MANILA - A group of petitioners against the anti-terror law has urged the Supreme Court again to act on their plea to stop the implementation of the new law amid the government's supposed recent actions that "depict an alarming tendency to disregard constitutional rights."
In a joint reiterative motion filed before the high court on Monday, the group again sought the issuance of a temporary restraining order or similar relief to immediately stop the implementation of Republic Act 11479 or Anti-Terrorism Act of 2020.
"These supervening events... underscore the chilling effect that the ATA exerts on the public, restraining persons from exercising their freedom of expression and other constitutional rights," read the motion.
"Such acts are indicative of the government's 'spirit of hostility, or at the very least, discrimination that finds no support in reason' with which it will implement the vague and overbroad terms of the ATA."
The petitioners, which include lawyer Howard Calleja, Albay 1st District Rep. Edcel Lagman and Free Legal Assistance Group chairman Chel Diokno, argued that the recent events such as the continuous red-tagging of groups and threats made by government officials have amplified the urgent need for a TRO or similar order.
The group cited the Feb. 12 opinion piece of Lt. Gen. Antonio Parlade Jr., spokesperson of the National Task Force to End Local Communist Armed Conflict, that was published in the Manila Times.
The high-ranking military official wrote that "whosoever wishes the demolition of the anti-terror law must be a friend, if not actually a supporter or member, of the communist and terror groups which the law intends to inter once and for all — and for all time," the group said.
The petitioners also mentioned the arrest of Lumad school teacher Chad Errol Booc in the supposed rescue operation of members of an indigenous people’s group at a university in Cebu City on Feb. 15.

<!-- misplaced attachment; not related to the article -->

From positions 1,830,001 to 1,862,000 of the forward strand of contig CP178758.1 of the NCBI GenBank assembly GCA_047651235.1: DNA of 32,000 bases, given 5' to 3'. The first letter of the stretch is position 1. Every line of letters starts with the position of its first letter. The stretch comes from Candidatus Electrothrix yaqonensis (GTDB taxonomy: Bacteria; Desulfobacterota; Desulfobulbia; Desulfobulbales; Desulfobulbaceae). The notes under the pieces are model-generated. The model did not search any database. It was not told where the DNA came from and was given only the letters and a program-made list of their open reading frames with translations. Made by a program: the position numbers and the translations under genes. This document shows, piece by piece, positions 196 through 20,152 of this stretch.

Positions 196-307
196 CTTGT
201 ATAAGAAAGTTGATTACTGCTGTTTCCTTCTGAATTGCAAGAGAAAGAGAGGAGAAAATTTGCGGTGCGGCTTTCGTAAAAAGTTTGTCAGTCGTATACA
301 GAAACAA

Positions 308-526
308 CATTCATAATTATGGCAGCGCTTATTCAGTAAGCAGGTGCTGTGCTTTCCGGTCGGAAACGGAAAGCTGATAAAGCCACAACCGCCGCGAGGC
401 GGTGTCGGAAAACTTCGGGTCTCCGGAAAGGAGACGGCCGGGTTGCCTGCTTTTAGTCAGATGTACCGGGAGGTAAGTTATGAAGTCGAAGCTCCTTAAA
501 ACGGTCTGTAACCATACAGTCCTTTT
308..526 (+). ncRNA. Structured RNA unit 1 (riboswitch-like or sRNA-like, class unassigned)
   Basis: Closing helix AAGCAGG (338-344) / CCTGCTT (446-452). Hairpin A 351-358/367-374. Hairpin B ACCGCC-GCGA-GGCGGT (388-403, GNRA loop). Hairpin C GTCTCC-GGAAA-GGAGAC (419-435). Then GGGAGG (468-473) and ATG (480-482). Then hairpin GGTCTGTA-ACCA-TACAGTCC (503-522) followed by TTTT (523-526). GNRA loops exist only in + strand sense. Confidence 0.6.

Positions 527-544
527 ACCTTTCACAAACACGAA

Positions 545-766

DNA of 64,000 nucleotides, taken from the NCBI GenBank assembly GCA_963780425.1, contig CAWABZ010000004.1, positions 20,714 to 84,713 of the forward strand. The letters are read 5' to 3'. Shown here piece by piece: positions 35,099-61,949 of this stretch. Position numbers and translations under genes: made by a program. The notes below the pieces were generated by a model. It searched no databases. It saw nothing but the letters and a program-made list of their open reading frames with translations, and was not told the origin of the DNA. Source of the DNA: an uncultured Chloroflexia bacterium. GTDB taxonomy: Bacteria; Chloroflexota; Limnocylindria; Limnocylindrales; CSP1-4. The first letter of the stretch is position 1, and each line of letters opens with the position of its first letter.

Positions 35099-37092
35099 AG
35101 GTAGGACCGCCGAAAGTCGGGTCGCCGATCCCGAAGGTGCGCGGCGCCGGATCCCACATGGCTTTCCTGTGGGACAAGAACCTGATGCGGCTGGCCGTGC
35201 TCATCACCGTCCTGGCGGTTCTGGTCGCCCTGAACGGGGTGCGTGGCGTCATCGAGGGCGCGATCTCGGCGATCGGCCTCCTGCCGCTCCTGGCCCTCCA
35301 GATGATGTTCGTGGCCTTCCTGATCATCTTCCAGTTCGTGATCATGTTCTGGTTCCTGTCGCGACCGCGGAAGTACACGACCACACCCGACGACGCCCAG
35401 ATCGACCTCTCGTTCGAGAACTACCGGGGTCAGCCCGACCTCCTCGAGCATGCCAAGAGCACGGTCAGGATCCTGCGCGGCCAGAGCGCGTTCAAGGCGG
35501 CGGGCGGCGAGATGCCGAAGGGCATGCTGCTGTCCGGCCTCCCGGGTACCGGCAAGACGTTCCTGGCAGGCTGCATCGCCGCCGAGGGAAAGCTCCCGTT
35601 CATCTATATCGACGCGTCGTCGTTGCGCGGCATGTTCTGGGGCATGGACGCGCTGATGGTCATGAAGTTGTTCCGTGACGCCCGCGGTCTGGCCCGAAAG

A month before, Cordillera Peoples Alliance chairperson Windel Bolinget "surrendered" to the National Bureau of Investigation amid a "shoot-to-kill" order if he should resist arrest. Both men are petitioners against the ATA.
"Their arrests show that petitioners, who are similarly outspoken in their advocacy and dissent, are under imminent and credible danger of prosecution with the enforcement of the ATA," the group said.
The petitioners also cited the branding of religious and indigenous peoples' groups as alleged terrorist groups.
On claims it is an alleged terror organization, the Rural Missionaries of the Philippines, a group of priests, nuns and the faithful committed to helping the rural poor, had been subjected to the freezing of its assets under the Republic Act 10168 or Terrorism Financing Prevention and Suppression Act of 2012.
Non-government organization Salugpungan Ta'tanu Igkanugon Community Learning Center, Inc. has also been branded as being linked to communists in a complaint that prompted the Department of Education to close its schools, the group said.
There's also the unilateral abrogation of the 1998 accord between the University of the Philippines and Department of National Defense and the red-tagging of alumni of the state university, the petitioners added.
"The foregoing developments demonstrate the grave and imminent threat to the constitutional rights of petitioners," added the motion.
President Rodrigo Duterte signed the anti-terror law in July 2020 despite heavy opposition over fears it could be used to crack down on dissent.
Among the law's contentious provisions include warrantless arrest, prolonged detention without charges and the designation of any person or group as terrorists.
The high court on Feb. 2 began hearing oral arguments on petitions challenging the validity of the Anti-Terrorism Act.
Oral arguments scheduled on Feb. 23 was suspended after a Supreme Court justice tested positive for the coronavirus. It will resume on March 2.
- With a report from Mike Navallo, ABS-CBN News